Much is being written about Facebook these days, as the company moves toward it’s long awaited IPO. Earlier this year, co-founder and CEO Mark Zuckerberg held a global all-employee meeting. Everyone thought he was going to announce the IPO, but instead (according to an article in the March 19th issue of Fortune) he used that time to talk about the company’s mission and priorities. He recognized that the eight year old startup company with phenomenal growth and value was about to undergo a transformation that could potentially ruin the culture that had made it so successful. He admonished employees to maintain their focus on the characteristics that fostered the “hacker way”, building through continuous improvement; the mottos on the wall like “Done is better than perfect”; the orientation to constantly improving customer interface that brought over 800 million people in the world to open up a Facebook account. He recognized that the IPO would subject the company to more outside scrutiny and investor demands; and that more importantly, many of the employees themselves as newly minted millionaires might lose their edge. They might lose the driving desire to create something new and innovative.They might decide to pass on the quarterly all night hacking sessions where employees work on something other than their day-to-day job; trying out ideas and thinking up new products.

    IStockPhoto

    Mission or Money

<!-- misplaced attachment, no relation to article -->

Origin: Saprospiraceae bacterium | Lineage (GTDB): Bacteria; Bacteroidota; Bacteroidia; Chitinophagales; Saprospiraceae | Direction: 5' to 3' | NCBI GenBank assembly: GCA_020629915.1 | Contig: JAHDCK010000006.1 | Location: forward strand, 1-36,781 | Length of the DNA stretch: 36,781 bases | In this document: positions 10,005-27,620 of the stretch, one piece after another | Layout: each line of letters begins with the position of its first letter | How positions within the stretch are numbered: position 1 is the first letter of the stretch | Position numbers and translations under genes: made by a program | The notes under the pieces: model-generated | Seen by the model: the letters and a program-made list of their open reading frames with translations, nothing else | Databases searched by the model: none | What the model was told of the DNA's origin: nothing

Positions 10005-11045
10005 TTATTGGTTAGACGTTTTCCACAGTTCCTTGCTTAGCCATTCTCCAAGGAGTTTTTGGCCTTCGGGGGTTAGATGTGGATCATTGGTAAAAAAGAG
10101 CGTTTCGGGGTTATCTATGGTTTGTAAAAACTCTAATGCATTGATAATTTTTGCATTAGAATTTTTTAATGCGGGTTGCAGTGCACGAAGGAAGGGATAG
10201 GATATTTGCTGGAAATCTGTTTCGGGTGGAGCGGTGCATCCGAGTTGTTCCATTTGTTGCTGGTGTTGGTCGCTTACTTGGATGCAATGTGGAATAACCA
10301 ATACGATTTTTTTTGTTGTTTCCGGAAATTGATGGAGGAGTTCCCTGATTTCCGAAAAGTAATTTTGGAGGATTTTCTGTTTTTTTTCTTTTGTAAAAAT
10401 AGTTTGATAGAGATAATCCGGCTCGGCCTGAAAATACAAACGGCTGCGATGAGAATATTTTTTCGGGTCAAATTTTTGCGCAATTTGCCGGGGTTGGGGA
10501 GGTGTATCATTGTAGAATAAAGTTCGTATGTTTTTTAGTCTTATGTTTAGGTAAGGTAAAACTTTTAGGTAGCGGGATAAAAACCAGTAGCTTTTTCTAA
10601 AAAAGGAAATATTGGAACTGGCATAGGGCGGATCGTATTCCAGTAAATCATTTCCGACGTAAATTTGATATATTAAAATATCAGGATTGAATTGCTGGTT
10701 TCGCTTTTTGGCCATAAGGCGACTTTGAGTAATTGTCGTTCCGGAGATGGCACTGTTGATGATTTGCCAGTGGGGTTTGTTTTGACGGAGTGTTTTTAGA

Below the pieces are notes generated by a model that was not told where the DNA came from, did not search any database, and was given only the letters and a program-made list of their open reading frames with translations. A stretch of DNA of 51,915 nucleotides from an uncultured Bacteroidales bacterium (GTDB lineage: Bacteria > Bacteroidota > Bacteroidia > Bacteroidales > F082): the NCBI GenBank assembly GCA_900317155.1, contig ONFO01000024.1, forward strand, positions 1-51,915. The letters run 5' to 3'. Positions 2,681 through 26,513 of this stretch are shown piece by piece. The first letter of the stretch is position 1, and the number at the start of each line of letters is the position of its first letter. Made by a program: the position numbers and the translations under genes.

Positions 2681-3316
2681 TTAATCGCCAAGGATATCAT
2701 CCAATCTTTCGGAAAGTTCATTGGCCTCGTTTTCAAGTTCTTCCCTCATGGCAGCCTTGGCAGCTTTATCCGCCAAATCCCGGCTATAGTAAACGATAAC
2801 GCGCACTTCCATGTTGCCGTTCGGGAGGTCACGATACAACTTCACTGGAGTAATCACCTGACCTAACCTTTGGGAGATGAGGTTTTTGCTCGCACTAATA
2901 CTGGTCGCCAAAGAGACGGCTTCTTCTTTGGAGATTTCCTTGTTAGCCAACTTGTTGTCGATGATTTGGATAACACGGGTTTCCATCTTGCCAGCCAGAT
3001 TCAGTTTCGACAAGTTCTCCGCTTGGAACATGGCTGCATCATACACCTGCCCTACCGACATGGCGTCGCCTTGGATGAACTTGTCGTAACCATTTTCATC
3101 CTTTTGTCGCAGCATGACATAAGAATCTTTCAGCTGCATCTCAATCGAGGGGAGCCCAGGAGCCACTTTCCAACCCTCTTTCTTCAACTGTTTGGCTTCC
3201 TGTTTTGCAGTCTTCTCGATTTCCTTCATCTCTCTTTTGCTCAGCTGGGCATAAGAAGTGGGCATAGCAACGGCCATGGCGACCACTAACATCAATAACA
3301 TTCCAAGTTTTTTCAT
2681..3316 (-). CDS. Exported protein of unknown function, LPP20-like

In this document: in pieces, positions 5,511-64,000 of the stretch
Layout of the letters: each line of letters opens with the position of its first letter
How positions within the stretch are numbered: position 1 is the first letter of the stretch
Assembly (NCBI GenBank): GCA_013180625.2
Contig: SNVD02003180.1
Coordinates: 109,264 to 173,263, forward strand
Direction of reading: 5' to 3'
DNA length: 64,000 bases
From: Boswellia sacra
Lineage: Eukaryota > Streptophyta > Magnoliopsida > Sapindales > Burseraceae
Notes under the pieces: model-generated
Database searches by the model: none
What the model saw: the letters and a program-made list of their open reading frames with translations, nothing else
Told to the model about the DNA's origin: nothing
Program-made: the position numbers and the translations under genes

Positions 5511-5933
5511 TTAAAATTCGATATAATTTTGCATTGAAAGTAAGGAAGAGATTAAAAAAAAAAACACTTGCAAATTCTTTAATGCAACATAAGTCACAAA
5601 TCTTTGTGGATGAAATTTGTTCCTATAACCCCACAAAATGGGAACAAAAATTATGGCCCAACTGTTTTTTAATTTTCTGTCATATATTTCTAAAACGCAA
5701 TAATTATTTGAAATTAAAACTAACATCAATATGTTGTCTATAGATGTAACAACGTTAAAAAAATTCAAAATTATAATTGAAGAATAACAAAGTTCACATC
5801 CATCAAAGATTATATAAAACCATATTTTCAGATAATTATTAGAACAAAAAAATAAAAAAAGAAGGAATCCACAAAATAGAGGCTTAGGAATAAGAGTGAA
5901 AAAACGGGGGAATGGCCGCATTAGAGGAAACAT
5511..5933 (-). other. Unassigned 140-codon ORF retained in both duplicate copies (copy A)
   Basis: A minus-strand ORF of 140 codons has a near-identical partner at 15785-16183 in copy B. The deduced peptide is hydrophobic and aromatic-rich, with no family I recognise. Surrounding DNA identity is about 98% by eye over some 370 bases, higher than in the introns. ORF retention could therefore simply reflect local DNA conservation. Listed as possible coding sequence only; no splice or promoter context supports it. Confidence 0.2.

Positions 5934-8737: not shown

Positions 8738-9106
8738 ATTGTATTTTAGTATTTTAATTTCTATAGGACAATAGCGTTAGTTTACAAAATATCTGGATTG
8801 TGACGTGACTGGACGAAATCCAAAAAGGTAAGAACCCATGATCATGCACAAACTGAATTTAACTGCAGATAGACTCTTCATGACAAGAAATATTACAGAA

While those of us on the outside may think of Facebook as existing to make a profit, Zuckerberg has a broader more impactful vision. In his words, they don’t build services to make money, they make money to build better services.That ethos will be tested now among  their 3,000+ employees. His goal has been to open up more connections across the globe. He uses the internet and technology to help people establish relationships, share information, and make their voices heard more quickly and personally than ever before possible. Continue reading

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    Starbucks Gets It

    Howard Schultz, CEO of Starbucks was featured in the December issue of Fortune as the 2011 Businessperson of the Year. Schultz joined what was then called Starbucks Coffee, Tea and Spices in 1982 as its marketing leader when there were only four stores in the Seattle area. He developed a vision to model the stores after the many small espresso bars he saw across Italy, essentially selling not just coffee but the experience and environment. While skeptics laughed at him, he was easily able to sell coffee at a price greater than his competition, and create a new coffee (and tea) culture in the U.S.

    IStock Photo

    But to me, more significant than the success of his business are his business values.  Starbucks provides health care and equity grants to all employees who work more than 20 hours each week, and rebuffs investors who try to persuade him to reduce such coverage. To him, it’s just doing the “right thing for it’s own sake”.  He’s concerned about his entire supply chain, and through Starbucks Foundation he has given to people in third world countries to better their standard of living. He believes “there needs to be a balance between commerce and social responsibility…The companies that are authentic about it will wind up as the companies that make more money.” Continue reading